With National Skin Cancer Awareness month just ending and the Memorial Day marking the unofficial beginning of summertime, we’re heading straight into peak sun-tanning season. What better time for some helpful sun protection tips from your friendly dermatologist?

Note that this will be my first summer spent in Florida, so it’s important information for me to review as well!

Protecting your skin from the sun helps prevent skin cancer, plain and simple. It doesn’t matter how dark your skin is or how easily it tans — you still need to protect it.

Sunscreen is a great start, but it’s only part of the equation. First, make sure your sunscreen is at least SPF 30 and “Broad Spectrum.” That means it protects against both UVA and UVB rays.

I’ve been asked many times, “Does sunscreen go bad?” Well, the answer is that experts agree three years is about it before it’s time to toss out the old, and purchase the new. But what I really love about this question is, if you’re asking, it probably means you aren’t using enough sunscreen!

On average, it should take about one shot glass or 2 ounces of sunscreen to cover your entire body. And don’t forget to reapply at least every 80 minutes to two hours, and more often if you’re sweating or swimming. If you’re using sunscreen the way it’s meant to be used, you’d go through it the way I go through Diet Coke.

Another question I get a lot is, “Which sunscreen is best?” Answer: The one you’re going to use. Seriously. If it’s not affordable or you don’t like the smell or consistency, you’re not going to use it. Stick, spray, lotion, oil — whichever you like best. Just make sure it’s at least SPF 30 and broad spectrum, and you’re good to go.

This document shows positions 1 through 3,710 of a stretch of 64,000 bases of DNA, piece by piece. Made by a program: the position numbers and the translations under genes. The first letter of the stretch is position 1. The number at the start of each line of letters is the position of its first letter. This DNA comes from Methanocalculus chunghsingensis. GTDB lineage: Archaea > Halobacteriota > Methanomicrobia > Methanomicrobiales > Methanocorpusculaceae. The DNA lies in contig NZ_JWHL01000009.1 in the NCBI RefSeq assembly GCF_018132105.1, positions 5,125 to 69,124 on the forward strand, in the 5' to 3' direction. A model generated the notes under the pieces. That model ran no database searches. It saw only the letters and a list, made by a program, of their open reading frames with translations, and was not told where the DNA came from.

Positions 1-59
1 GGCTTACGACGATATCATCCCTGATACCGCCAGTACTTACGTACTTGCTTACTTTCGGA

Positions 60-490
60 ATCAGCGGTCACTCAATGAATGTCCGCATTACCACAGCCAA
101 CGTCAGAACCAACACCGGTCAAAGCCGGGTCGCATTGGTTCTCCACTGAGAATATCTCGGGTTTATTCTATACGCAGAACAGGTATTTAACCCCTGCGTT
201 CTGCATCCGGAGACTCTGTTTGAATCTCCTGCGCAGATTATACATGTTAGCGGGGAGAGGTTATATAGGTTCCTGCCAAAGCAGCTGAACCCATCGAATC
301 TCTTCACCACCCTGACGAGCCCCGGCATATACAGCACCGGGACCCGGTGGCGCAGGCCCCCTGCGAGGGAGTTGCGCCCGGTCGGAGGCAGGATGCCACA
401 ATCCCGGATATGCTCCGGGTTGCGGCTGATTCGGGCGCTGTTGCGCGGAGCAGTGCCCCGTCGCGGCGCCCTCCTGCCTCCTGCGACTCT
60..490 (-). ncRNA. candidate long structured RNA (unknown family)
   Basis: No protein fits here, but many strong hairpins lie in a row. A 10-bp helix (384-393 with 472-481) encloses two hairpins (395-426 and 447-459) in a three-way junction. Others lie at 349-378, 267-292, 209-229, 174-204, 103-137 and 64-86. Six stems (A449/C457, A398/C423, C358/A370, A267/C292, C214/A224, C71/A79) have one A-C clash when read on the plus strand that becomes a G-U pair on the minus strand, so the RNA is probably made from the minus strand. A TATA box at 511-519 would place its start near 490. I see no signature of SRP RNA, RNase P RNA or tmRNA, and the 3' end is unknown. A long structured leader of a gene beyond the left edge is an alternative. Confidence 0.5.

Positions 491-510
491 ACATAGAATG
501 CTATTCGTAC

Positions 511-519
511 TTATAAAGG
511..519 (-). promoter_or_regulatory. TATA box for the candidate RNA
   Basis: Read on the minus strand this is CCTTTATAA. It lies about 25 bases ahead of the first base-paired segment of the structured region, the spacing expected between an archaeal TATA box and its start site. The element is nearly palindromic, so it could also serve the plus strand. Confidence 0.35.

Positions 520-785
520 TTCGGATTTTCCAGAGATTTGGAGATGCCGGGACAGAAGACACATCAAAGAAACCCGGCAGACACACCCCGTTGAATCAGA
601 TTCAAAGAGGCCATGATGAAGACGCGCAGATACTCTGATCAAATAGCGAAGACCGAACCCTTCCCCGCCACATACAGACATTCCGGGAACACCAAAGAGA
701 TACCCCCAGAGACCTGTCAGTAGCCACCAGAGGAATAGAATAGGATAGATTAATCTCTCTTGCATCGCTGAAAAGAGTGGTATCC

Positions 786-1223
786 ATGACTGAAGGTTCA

But remember, sunscreen is only part of an effective protection plan. Slip on a hat — broad brimmed is optimal because it protects your ears and the sides of your neck and face. But even I admit there are some activities where a baseball cap is more practical. (Like cruising out the inlet to your favorite fishing spot!)

Don’t forget about your clothing and sunglasses — long sleeves and long pants will help protect your skin, and with performance fabrics today, they often keep you cooler and more comfortable too. Polarized sunglasses are a must, especially in settings with a lot of reflected light (water, sand, etc.), and larger or wraparound frames offer greater protection.

If you do a lot of driving, consider having UV filters installed to the side windows of your vehicle. It’s inexpensive, and it will be there protecting you every day. We get an incredible amount of cumulative UV exposure through the driver’s side window, which explains why skin cancers predominate on the left side of our body. If you don’t believe me, look at your forearms and count the number of freckles on your left forearm versus your right.

See? Told you so.

And why only the side windows? Because the windshield already filters UV radiation fairly effectively because it’s composed of shatterproof glass.

When you’re out and about on foot, remember what your mother taught you. Sit in the shade whenever possible, and avoid being out in the direct sun between 10 a.m. and 3 p.m., when those UV rays are the strongest.

Last, but still so important, is the need to carefully check every inch of your skin every month or so, looking for anything new, changing, or bleeding in the way of moles or lesions of any kind.

Should you see anything questionable, it’s time to see your dermatologist and get it checked, “ASAP.” Most skin cancers can be cured if caught early enough, so early detection is key. And rest assured, should your self-exam turn up anything worrisome, the Water’s Edge office near you will find a way to squeeze you into even a heavily booked schedule.

Hope that’s all helpful. Looking forward to seeing you out, about, and sun-protected this summer!

Dr. Kerry Shaughnessy, from Water’s Edge Dermatology, is a board certified dermatologist who attended Harvard University, where she graduated with a degree in biochemical sciences and received the William Fahey House award. Her special interests include skin cancer, acne, and rosacea, as well as minimally invasive cosmetic procedures.